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    Alan Berger - Systemic Design (c) Can Change the World

    Kurt Neiswender Nov 22 '11 0

    Book Jacket for Systemic Design ©

    Systemic Design© Can Change the World - Alan Berger
    SUN Publishers, 2009

     

     

    About the Author

    Alan Berger is a Tenured Associate Professor in Urban Design and Landscape Architecture at Massachusetts Institute of Technology. He also is the Director of P-REX (Project for Reclamation Excellence). P-REX, founded in 2002, is a multi-disciplinary research component of MIT that focuses on reuse design for waste landscapes around the globe. P-REX is run on grant funding that has come from a variety of sources (US EPA, Tiffany and Co., Toyota and other non-governmental organizations). Under Berger’s direction P-REX develops and implements designs for restoration of previously developed landscapes that have been destroyed by the impacts of modern development.


    SYSTEMIC DESIGN © CAN CHANGE THE WORLD

    Alan Berger – Systemic Design Can Change the World.

    The introduction to this book – which was also a concept for a lecture of the same name- begins with a challenge. The challenge is put to the design schools that are training future leaders of the industry. This challenge describes the current curriculum is in a dead end trajectory. According to Berger, the status quo is perpetually recycled teaching styles and pedagogy, with the instructor’s prime motive for teaching is to hand pick the top design talent, and not to raise the awareness for higher levels of design.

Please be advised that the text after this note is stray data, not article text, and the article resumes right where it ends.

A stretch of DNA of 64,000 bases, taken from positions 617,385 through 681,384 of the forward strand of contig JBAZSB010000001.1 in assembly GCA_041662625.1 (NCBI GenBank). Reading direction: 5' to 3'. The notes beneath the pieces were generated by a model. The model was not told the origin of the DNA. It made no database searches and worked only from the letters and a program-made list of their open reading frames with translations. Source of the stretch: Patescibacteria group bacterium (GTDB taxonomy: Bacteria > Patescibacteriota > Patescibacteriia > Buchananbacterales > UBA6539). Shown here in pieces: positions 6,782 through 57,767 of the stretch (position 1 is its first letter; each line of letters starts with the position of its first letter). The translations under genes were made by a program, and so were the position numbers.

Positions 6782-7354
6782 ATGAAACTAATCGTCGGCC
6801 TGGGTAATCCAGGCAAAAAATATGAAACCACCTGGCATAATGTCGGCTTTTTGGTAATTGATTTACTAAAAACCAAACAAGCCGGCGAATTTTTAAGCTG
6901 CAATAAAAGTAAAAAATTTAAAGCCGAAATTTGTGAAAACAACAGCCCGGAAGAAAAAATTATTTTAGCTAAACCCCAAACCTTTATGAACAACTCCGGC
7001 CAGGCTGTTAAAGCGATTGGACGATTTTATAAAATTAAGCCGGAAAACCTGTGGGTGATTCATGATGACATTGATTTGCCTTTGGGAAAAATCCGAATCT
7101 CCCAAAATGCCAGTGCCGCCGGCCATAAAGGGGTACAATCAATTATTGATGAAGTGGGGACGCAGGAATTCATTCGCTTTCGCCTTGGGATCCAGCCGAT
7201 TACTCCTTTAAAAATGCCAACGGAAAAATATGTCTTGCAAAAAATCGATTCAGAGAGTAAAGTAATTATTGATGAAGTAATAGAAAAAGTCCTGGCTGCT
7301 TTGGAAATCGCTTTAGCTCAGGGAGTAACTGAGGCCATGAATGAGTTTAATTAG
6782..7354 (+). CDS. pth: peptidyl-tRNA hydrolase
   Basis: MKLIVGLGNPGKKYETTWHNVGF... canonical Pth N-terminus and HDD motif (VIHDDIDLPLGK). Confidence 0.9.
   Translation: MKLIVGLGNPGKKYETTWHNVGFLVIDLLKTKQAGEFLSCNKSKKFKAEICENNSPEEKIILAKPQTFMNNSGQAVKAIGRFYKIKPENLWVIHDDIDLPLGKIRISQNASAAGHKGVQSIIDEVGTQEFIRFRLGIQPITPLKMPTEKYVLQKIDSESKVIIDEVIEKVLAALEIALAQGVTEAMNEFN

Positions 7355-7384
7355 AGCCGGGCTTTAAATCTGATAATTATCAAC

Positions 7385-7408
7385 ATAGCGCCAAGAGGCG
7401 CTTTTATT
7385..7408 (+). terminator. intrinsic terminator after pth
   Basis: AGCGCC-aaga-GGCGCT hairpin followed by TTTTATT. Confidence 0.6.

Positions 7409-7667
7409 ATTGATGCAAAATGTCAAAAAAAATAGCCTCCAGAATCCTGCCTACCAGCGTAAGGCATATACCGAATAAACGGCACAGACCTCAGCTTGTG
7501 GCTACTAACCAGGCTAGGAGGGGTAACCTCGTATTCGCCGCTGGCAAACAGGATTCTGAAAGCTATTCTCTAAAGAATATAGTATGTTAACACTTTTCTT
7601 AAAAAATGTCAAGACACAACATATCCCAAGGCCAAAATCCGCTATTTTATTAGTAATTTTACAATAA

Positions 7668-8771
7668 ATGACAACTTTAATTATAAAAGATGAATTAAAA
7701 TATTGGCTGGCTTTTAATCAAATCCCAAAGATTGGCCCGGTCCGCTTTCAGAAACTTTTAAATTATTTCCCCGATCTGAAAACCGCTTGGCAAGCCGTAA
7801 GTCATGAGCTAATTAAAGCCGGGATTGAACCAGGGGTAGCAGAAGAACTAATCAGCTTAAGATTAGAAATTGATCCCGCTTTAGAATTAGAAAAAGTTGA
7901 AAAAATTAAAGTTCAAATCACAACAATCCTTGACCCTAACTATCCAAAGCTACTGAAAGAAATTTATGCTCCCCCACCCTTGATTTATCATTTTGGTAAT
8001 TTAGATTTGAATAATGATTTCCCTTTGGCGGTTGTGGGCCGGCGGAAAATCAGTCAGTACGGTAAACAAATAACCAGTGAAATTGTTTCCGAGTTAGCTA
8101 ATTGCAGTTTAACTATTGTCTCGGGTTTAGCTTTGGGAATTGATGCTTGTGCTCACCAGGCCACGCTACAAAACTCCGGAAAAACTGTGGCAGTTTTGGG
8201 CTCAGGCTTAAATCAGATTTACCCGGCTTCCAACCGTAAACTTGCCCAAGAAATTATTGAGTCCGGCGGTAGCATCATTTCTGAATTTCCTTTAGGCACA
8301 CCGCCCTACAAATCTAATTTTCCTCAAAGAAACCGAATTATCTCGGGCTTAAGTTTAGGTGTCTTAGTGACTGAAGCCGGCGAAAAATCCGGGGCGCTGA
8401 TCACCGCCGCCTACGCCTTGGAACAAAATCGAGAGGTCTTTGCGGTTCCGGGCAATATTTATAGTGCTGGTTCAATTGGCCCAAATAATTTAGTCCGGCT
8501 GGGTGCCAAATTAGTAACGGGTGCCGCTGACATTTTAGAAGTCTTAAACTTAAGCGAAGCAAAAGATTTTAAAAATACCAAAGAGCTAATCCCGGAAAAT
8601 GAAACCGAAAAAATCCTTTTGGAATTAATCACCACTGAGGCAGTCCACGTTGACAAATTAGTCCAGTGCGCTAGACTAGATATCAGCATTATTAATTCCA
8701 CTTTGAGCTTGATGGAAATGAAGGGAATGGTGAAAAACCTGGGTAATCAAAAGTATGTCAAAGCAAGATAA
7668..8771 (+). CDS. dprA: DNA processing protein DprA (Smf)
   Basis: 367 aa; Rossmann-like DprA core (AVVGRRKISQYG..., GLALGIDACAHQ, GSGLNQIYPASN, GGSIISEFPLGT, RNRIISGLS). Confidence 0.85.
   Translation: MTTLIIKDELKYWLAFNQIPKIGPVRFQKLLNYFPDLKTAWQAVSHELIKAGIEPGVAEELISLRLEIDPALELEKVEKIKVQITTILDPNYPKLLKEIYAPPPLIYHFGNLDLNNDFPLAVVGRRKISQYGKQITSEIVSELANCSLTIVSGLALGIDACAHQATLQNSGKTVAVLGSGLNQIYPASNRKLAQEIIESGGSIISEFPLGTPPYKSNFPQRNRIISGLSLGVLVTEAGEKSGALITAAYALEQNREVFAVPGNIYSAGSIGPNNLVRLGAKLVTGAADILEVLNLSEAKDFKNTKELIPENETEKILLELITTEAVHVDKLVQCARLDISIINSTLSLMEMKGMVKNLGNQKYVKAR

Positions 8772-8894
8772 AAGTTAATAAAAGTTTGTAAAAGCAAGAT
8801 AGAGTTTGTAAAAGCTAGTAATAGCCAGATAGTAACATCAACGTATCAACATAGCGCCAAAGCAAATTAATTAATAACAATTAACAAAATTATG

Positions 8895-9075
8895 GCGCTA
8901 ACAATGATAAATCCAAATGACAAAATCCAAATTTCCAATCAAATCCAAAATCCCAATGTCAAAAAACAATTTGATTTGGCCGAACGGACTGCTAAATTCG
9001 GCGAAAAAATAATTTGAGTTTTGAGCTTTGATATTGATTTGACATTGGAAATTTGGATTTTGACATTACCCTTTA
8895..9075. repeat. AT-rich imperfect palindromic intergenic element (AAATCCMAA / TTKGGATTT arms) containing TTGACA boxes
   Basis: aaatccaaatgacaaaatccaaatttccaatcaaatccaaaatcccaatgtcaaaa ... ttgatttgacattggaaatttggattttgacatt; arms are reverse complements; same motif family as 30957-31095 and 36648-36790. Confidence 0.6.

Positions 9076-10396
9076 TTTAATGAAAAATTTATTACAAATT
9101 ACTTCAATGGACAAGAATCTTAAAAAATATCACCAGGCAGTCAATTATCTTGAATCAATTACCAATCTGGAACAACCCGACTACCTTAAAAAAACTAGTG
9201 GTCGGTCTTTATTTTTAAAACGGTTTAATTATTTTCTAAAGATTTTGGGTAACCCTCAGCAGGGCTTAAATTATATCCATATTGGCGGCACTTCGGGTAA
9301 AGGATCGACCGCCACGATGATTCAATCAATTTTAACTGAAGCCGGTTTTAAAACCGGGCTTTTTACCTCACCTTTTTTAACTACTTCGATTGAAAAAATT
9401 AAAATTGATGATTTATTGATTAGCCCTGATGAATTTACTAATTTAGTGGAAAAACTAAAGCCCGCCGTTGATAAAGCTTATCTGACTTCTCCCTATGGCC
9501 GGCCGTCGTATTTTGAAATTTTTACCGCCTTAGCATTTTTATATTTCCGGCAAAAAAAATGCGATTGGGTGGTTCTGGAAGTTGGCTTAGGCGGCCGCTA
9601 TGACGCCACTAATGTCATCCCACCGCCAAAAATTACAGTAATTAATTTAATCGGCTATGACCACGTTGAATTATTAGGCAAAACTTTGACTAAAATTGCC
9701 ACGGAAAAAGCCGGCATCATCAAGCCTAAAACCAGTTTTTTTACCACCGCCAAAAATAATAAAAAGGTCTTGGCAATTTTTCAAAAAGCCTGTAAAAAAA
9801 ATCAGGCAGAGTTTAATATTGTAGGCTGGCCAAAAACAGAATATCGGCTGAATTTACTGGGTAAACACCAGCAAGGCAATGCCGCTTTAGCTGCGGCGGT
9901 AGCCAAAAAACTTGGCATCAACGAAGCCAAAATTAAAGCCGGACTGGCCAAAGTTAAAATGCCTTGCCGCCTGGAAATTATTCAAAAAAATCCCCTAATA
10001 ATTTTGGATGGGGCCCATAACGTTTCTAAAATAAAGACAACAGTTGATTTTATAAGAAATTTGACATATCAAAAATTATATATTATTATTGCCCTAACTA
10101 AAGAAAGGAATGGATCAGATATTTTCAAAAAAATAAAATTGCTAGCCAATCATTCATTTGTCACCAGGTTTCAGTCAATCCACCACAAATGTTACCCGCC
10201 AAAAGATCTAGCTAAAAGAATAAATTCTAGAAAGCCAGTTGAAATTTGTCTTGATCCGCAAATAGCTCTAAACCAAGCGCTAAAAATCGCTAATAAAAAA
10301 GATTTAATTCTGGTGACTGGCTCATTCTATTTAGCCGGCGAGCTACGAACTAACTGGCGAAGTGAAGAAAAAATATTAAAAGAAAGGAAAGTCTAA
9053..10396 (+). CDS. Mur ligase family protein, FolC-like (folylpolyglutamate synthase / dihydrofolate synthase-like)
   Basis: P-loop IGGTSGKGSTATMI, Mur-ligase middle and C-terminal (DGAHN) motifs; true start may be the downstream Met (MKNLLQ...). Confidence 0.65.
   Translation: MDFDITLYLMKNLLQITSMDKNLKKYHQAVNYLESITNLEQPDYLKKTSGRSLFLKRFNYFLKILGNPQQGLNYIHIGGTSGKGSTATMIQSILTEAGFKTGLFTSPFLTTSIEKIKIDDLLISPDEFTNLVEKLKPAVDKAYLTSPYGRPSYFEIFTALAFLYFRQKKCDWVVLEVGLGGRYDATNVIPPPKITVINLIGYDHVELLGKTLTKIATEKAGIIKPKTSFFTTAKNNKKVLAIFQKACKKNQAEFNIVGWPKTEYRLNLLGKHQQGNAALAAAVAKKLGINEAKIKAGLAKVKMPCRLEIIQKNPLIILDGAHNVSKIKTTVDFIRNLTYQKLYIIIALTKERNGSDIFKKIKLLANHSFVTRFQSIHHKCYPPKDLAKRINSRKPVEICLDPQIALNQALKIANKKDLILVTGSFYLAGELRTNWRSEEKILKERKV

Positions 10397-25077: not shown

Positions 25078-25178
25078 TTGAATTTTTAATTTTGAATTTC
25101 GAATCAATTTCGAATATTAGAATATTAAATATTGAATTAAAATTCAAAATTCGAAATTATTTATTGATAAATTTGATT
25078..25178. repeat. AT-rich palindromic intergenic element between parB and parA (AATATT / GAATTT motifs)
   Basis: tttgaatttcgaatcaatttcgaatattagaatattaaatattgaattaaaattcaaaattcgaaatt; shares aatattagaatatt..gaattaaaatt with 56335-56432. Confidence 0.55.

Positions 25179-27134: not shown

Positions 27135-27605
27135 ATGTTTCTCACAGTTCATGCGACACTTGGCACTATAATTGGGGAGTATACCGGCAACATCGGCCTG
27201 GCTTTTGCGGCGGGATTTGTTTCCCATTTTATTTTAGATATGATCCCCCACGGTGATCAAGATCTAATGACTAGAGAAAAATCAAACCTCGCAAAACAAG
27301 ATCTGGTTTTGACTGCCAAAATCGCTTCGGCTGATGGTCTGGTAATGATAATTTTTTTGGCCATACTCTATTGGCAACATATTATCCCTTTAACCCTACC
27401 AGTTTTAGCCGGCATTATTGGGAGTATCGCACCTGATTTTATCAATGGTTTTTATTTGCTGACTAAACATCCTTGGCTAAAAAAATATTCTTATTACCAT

This blunt assessment states a need for a reset to the academic top-down model that cannot keep up with modern society’s fast paced, tech-savvy (i.e. think, Twitter, Facebook, Google) generation Y.However, inevitably the arcane pedagogy will soon cease to provide students with the information they are seeking, that is what Berger is implying with his introduction.

    The Historical Landscape Content and Contemporary Environment Trends

    Berger next assesses the efficacy of the current trends in landscape architecture in the professional realm. Today’s rapidly globalizing economies, tech industries and just about every function of human’s daily lives, there is no time to stop and endlessly reevaluate the precedents, or as Berger puts them, ‘heritage studies’.

    In brief, Berger cites a few examples of the hot button topic of global climate change that those educated under current standards will be ill-equipped to handle. Many of these climate issues describe a critical point where consumption grossly outweighs the resources available.

    Urban Waste

    The primary focus of Alan Berger’s work with P-REX is to analyze wasted landscapes, which are defined as those that are “overlooked and undervalued” (Berger, 12), especially after man’s hand has scoured the landscape for its raw materials, leaving behind vast wastelands of pollution and destroyed habitat. Berger claims to be unique in his field as there was no one exploring these under-performing spaces prior to the great recession of 2008. Berger points out that wasted land is now an unavoidable commodity of the urban realm.

    Systemic Design and Research

    His practice of Systemic Design© was initiated to rethink these underutilized urban regions, but integrates systemic thinking with his pedagogical goal of reformatting the ‘Design world’, in other words the academic curriculum that has been previously mentioned to be obsolete and ineffective.